By Reynaldo Cruz
A few years ago, I didn’t think I would be writing a piece defending Yuli Gurriel. For starters, I am not a fan, never was, and never will be. Gurriel was on the opposite side of my team of Holguín in 2002, and he was one of the reasons “we” didn’t win before Game 7.
Apart from that, I have always been reluctant to be a fan of what the Cuban mainstream media promotes. And Yuli was promoted. Not only him, but also his brothers and his iconic father were in the favored end of the media. Instead of helping him or them, they were inflicting a lot of harm.
Yuli was the subject of all kinds of offenses and attacks in Cuba. People did not forgive him grounding into a game-ending double play against Korea in the 2008 Beijing Olympics Gold Medal Game. They also resented him for making a costly error in the ninth inning of an elimination game in the 2013 World Baseball Classic. Let’s be honest here: he made an error, but he also drove in a run with a long double. His mental approach was messed up with when manager Víctor Mesa (somebody who may fall into his category of love-hate relation) made him try to bunt a runner over.
When he left Cuba, many (myself included) thought he would have a couple of lackluster years before withering in oblivion. He silenced his detractors by having a solid 2017 season. That year, he hit .299 with 18 homeruns and 75 RBIs, all the while playing a new position: first base.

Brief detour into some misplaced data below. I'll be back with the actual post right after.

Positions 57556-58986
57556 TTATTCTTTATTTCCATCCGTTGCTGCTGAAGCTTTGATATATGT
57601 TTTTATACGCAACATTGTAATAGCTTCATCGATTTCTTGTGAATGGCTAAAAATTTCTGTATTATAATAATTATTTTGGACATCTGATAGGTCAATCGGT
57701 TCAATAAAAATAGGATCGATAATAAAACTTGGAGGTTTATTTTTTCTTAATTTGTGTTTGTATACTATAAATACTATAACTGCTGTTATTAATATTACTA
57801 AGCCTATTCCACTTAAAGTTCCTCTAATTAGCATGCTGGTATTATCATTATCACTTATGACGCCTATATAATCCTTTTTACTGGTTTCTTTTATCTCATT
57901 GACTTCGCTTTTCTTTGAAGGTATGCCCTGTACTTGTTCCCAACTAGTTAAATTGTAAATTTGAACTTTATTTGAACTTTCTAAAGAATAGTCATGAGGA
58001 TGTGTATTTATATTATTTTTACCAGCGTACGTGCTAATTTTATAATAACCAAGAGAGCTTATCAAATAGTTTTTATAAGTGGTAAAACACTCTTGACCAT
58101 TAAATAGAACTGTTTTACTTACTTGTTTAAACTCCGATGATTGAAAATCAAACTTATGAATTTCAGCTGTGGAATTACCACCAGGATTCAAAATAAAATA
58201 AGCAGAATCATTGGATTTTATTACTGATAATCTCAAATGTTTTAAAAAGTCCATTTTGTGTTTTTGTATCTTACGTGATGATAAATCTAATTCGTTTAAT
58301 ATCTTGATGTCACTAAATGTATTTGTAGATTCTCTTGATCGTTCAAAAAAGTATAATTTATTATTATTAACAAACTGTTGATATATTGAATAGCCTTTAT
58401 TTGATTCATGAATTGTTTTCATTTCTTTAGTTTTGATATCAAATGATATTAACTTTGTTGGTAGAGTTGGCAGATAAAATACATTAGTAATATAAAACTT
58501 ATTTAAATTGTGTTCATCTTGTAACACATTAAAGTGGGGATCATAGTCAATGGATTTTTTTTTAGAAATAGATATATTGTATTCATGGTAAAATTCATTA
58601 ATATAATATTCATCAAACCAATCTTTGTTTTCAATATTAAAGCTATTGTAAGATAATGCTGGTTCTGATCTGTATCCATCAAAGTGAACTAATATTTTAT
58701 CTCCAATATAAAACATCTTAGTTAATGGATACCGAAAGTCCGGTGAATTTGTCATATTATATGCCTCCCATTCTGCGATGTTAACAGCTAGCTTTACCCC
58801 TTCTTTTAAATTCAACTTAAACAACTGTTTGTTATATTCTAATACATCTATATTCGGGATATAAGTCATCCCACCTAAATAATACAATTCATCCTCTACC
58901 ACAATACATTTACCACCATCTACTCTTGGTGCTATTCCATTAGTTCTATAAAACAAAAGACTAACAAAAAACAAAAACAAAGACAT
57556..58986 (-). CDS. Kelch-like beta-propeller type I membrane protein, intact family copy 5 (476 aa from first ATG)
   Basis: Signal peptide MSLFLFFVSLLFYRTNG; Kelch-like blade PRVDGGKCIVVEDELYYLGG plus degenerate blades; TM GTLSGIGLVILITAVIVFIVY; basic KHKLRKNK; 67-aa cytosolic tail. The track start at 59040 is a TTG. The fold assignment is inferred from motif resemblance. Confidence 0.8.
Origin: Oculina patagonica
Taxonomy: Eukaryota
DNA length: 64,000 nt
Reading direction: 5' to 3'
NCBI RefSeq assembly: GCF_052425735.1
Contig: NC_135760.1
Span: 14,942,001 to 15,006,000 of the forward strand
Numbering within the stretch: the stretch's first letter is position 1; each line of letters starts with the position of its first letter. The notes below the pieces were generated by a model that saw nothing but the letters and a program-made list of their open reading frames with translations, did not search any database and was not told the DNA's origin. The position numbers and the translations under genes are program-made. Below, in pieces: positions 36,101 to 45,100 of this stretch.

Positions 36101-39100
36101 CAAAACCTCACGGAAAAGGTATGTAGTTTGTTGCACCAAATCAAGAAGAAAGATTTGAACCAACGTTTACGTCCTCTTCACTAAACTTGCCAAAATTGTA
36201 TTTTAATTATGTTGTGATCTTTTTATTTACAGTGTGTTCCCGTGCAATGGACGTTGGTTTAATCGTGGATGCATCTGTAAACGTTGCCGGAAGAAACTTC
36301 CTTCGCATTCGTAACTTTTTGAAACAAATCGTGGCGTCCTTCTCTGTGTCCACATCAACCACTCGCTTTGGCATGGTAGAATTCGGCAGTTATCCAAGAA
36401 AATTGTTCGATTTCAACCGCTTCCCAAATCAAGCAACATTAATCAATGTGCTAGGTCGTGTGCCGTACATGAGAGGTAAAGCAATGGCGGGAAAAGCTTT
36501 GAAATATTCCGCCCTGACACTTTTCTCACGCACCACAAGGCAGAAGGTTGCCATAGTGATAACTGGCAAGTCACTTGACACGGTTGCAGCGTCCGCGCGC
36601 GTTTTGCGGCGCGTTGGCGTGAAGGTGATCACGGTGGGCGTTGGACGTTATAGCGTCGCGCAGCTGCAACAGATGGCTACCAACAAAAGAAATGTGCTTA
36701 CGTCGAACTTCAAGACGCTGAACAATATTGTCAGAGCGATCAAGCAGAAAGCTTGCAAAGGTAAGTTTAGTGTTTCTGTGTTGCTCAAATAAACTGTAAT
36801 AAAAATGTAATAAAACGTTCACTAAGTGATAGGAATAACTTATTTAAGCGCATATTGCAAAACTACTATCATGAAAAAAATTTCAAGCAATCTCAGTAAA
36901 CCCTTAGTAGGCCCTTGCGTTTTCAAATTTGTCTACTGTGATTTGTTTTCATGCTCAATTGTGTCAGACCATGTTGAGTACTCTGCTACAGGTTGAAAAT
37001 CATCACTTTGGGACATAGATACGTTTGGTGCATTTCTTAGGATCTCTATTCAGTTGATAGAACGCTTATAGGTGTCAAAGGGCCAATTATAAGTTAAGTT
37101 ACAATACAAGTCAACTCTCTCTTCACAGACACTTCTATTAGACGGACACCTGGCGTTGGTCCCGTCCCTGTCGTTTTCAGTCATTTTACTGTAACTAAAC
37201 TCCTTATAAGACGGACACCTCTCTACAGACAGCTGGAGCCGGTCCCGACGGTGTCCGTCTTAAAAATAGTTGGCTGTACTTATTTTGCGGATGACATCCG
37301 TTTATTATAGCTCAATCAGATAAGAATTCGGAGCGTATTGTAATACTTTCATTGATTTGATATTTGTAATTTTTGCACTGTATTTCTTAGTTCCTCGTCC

Over the next two years, he would again hit over .290, and he amassed 31 homers and 104 RBIs in 2019. The pandemic-shortened season took a toll on his numbers, making him have his worst year EVER with a paltry .232 batting average.
When everybody thought he was through, he came back and won the AL batting title with .319 while also landing a Gold Glove.
But 2022 was a season to forget. Even though he amassed 40 doubles (tying for his second best mark), his batting average plummeted to .242. His defense was also questionable, but he managed to stay afloat. The arrival of Trey Mancini made people believe Yuli would lose some playing time, but he took the post season by storm. Only an injury sustained on Game 5 of the World Series kept him from the roster.
Now, all of this might seem irrelevant to some, but it isn’t. Despite his age, Yulieski Gurriel Castillo has the athleticism of a 30-year-old man. He can play first, second and third with the same intensity and speed as a younger player, and he is hungry.
After the Astros did not decide to give him a qualifying offer, they signed his countryman José Abreu. Abreu, slightly younger than Yuli and with much less wear in the difficult conditions of play in Cuba, will put up numbers to remember in the Show. With that signing, Yuli’s possibilities to return to Houston vanished, and he had to start looking for something in the market.
Whether he will land a big deal or not, Gurriel can still be an asset, both at the plate or on defense for ANY team. Any team should sign him, because he can still contribute. His last postseason performance shows so.